asked Her Majesty's Government:
What plans they have to reform the Rehabilitation of Offenders Act 1974.
My Lords, the Rehabilitation of Offenders Act 1974 allows certain spent convictions to be concealed in an effort to improve employment opportunities and reduce reoffending. The Government's 2002 document, Breaking the Circle, set out proposals for reform of the Act and the Government undertook to legislate when parliamentary time allowed. They will consider whether the Breaking the Circle proposals now need to be updated in the light of the Safeguarding Vulnerable Groups Act 2006.
My Lords, does the Minister recall that in 2003 the Government announced their intention to reform this legislation? However, despite a series of criminal justice legislation, that reform has not surfaced. Does he agree that the length of the current rehabilitation period is a serious impediment to the rehabilitation of offenders who seek jobs? Is there not ample evidence that one-third to one-half of offenders who get a job are less likely to reoffend than those who do not have a job? Will the Government indicate whether such legislation is likely to surface in the Queen's Speech?
My Lords, I understand the noble Lord's disappointment that the Government have not yet found parliamentary time to produce the legislation in the light of Breaking the Circle. He is right both about the statistics in relation to the importance of work in stopping reoffending and in his the comment about the length of time that must pass before a conviction can be spent; Breaking the Circle argued for less time. We are sympathetic to that. I can assure the noble Lord that the department will be working on this in the light of the 2006 Act.
My Lords, does the Minister agree that the bar has been set at a fairly low level in that only punishments of up to 30 months' detention are covered and that it takes 10 years for those to qualify? Does he also agree that, in the case of young people and persons in their 20s who have committed offences at an irresponsible period in their lives and have later reformed and lived decent and honest lives, this Act has been of particular value and merit?
My Lords, I agree with all the noble Lord's comments, and the recommendations in the Breaking the Circle report would address many of the points he raises. That is why we are looking very seriously at the matter.
My Lords, does my noble friend agree that, with all the pressures on the Prison Service at the moment, the importance of keeping an ethos of rehabilitation at the top of the priorities is essential for prisoners themselves, for the community as a whole and, indeed, for economic reasons? Does he also agree that some of the voluntary organisations involved in the rehabilitation of offenders in prisons are saying that it is not just a matter of getting a person into a job, it is a matter of ensuring that the right support is there when people go out into the community to help them make a success of their re-entry into civilised life?
My Lords, I very much agree with my noble friend. The Prison Service and Probation Service have done tremendous work in the past few years to help ex-offenders get into work. My understanding is that the latest figures, produced in August, show that 27.1 per cent of prisoners had gone into work and that a further 10.4 per cent had gone into education or training. I accept that much more needs to be done, but we are building on some very good work undertaken in the past few years.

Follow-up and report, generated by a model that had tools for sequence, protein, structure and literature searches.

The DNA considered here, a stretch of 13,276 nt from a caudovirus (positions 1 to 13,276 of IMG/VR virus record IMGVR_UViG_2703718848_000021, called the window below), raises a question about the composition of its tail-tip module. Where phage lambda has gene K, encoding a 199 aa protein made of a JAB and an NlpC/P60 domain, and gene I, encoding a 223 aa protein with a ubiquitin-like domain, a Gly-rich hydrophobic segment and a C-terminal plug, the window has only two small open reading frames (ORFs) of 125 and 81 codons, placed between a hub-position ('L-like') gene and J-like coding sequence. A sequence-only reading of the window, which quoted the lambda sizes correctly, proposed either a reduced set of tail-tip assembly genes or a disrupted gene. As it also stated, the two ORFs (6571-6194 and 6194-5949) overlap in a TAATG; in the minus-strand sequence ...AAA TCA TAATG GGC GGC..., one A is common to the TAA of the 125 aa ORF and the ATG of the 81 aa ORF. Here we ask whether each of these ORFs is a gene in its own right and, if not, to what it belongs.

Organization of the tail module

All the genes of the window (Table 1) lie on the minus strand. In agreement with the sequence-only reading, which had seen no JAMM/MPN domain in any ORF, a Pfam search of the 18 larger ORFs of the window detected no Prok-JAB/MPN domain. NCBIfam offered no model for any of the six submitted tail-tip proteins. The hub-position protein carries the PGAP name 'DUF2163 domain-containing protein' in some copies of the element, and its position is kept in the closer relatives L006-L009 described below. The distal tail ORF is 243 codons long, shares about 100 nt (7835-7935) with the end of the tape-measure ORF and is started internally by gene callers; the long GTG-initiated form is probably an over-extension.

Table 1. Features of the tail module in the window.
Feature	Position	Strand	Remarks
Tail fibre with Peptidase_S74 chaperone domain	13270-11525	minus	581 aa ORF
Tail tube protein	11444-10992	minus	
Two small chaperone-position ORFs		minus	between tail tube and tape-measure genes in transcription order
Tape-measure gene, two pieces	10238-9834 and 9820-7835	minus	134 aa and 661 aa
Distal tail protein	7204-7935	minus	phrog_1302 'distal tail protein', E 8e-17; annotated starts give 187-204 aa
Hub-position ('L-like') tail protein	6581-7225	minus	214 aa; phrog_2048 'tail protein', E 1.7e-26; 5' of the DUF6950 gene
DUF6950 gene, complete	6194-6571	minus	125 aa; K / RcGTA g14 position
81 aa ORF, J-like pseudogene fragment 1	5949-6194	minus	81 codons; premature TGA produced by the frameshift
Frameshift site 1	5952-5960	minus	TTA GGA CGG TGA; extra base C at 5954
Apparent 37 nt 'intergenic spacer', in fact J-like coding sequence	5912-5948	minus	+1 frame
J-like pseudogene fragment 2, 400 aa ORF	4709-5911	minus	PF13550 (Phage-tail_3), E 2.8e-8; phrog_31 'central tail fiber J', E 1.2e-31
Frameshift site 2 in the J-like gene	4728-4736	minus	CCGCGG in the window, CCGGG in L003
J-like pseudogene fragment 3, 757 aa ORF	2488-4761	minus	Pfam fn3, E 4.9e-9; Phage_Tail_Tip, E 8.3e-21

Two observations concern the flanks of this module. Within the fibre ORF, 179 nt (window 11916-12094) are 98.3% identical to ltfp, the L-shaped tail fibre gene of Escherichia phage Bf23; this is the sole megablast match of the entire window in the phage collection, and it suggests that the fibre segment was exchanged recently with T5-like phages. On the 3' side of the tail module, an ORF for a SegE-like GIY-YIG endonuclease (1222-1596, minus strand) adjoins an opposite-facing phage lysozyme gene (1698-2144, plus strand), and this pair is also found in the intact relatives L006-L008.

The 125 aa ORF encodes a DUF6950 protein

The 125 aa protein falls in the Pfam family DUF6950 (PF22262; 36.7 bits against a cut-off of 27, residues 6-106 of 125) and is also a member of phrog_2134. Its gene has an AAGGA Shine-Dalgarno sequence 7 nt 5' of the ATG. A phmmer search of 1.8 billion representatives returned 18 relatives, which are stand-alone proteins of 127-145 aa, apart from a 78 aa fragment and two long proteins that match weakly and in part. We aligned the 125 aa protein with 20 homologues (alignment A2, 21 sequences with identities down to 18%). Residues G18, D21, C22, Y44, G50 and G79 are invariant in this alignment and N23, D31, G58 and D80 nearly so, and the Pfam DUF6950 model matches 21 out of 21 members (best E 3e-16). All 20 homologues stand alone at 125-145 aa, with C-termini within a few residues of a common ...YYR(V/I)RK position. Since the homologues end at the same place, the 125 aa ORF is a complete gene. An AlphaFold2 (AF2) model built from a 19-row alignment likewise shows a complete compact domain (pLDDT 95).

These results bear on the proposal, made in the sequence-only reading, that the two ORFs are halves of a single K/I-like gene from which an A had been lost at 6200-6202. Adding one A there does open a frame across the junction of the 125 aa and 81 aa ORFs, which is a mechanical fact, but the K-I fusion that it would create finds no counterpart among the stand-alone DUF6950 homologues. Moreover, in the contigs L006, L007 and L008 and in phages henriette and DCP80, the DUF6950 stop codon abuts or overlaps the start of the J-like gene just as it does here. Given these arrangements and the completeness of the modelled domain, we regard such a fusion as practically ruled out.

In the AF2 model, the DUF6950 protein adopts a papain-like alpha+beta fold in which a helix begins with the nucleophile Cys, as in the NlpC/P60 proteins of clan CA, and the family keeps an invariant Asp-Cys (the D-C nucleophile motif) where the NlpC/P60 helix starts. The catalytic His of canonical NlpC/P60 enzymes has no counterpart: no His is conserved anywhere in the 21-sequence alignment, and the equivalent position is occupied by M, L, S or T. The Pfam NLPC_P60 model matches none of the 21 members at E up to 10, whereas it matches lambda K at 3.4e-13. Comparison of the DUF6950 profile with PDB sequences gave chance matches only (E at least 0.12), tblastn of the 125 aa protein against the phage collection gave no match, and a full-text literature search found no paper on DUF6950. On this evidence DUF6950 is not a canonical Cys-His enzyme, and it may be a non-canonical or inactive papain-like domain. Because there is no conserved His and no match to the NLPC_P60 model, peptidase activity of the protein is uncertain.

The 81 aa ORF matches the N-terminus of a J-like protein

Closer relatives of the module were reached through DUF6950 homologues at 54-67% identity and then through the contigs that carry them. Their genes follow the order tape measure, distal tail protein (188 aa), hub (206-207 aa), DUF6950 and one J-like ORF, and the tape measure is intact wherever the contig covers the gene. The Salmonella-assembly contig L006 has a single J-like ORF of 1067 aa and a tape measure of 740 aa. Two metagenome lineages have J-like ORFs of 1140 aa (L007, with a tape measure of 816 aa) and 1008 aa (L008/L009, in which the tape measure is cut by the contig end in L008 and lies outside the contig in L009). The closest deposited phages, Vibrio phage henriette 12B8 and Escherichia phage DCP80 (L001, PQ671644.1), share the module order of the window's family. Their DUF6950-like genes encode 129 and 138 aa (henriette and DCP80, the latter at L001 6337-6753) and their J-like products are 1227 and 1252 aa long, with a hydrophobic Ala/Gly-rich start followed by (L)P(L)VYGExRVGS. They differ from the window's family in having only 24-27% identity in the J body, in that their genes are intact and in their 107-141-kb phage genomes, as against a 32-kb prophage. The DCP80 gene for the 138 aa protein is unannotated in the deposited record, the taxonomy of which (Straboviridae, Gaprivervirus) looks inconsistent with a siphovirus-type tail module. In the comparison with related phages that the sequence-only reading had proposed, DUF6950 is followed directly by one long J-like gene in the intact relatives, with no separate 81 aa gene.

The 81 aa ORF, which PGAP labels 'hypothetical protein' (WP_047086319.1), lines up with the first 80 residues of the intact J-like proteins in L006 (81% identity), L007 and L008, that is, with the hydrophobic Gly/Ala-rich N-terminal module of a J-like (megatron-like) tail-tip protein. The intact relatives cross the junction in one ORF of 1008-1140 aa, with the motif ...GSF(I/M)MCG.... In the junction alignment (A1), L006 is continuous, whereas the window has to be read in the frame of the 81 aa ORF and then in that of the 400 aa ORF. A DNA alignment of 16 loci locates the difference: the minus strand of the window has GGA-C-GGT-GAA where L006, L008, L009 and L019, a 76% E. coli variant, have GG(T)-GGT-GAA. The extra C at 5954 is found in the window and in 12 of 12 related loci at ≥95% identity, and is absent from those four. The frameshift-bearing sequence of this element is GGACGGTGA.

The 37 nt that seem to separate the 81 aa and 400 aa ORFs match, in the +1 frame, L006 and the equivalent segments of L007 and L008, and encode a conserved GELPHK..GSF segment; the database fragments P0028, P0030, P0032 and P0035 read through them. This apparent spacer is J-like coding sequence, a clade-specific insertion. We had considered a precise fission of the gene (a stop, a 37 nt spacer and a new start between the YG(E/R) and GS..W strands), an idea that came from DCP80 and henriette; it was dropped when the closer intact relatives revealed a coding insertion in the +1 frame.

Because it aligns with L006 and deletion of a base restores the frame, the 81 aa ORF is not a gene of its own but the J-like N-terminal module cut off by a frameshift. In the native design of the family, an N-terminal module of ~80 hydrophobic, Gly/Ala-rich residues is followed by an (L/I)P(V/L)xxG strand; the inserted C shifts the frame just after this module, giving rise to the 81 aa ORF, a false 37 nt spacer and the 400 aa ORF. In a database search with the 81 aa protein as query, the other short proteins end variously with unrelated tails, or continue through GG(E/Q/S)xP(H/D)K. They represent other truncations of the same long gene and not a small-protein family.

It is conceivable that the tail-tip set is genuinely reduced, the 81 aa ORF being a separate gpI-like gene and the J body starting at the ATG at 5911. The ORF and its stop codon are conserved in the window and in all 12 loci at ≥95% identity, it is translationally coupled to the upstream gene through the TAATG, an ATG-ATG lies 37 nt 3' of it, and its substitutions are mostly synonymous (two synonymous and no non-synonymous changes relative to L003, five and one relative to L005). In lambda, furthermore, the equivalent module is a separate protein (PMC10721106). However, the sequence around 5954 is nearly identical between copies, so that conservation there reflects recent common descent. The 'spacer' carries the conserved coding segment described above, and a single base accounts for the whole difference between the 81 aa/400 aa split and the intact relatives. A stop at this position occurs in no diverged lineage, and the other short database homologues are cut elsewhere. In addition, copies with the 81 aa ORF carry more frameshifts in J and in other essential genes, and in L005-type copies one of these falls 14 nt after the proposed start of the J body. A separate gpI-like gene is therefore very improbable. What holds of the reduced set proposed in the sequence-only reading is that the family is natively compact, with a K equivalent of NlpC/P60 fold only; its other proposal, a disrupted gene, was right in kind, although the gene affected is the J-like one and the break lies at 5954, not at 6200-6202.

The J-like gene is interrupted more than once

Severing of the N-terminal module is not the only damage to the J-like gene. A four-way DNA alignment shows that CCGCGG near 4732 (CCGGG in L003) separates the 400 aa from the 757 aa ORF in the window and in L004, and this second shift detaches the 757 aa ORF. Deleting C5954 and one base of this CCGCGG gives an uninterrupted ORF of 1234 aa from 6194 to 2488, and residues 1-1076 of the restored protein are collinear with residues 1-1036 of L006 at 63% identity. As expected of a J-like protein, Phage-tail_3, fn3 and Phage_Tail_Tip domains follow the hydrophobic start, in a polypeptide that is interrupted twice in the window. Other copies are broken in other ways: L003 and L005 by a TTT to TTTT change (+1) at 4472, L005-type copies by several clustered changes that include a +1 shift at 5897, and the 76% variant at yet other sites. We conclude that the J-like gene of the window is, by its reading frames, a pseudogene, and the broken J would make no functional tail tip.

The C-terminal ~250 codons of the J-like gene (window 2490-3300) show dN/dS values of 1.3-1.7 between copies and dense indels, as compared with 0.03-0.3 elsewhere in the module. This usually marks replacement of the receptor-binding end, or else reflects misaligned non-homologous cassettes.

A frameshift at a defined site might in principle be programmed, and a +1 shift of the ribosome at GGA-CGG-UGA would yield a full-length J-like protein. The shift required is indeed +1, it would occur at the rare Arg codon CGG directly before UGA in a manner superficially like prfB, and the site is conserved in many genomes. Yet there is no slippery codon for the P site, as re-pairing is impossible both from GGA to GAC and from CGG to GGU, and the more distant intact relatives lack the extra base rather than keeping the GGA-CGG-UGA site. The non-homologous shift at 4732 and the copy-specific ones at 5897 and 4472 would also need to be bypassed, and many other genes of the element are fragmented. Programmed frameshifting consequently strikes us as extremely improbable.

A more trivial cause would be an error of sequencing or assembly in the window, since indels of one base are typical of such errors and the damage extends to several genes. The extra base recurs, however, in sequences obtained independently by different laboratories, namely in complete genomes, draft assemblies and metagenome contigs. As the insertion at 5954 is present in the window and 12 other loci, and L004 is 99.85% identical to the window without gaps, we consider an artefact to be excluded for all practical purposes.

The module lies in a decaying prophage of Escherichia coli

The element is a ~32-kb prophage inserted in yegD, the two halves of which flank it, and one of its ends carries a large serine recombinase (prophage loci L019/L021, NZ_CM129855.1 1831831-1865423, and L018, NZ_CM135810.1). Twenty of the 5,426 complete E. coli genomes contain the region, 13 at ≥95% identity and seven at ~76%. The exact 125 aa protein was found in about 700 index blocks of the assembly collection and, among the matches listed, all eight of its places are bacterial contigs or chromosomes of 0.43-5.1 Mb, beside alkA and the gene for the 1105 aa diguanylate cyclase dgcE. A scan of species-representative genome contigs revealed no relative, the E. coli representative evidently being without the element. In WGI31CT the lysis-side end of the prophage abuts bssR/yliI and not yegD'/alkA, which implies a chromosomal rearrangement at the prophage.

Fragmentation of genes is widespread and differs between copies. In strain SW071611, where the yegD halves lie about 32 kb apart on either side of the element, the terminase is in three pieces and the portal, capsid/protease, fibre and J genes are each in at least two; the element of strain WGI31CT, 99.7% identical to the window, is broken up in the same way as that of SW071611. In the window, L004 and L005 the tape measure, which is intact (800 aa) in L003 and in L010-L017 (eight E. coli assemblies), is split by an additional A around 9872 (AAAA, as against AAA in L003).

My Lords, I could not agree more with the noble Lord's comment. Indeed, one has to pay tribute to the many private sector organisations that have shown themselves to be very progressive in this area. There is much that the public sector can learn from the private sector and I will do everything I can to mobilise my colleagues in this matter.
My Lords, reform of the Act would clearly be helpful in meeting some of the concerns expressed about the 1974 Act. However, it is not only a question of the rehabilitation Act; as my noble friend suggested earlier, it is also about whether there is infrastructure support that encourages employers and ensures that, while they are in prison, prisoners have access to good education or training opportunities and are really given every encouragement and support to go into work. We very much require a co-ordinated effort.
My Lords, I entirely agree that opportunities for employment and housing are central if rehabilitation is to be effective. However, has the Minister any information about employers' practices and attitudes to education which we are trying to change because they prevent ex-offenders taking up the training and further education that they may need to survive in today's world?
My Lords, the noble Baroness raises a very important point. The fact is that half of male prisoners and over two-thirds of female adult prisoners have no qualifications at all. More than half of all prisoners screened on reception are at or below level 1 in reading, writing and maths. The link between offending and very poor educational achievement is clear and sets out the requirement and the challenge for us to ensure that, as much as possible, prisoners are given every opportunity for education and training.
My Lords, is the Minister aware of the exemplary scheme run by the National Grid in conjunction with Reading Jail whereby the National Grid has given exceptional support? It has pioneered a route that the Government should look at. Does he accept that that experience would lead to exactly what my noble colleague Lord Dholakia was suggesting?
Indeed so, my Lords. My noble friend the Leader of the House was involved in the establishment of that project. There is much that we can learn, and we are developing alliances with employers to take advantage of good practice. I certainly will commend that to my colleagues in the department. Thank you.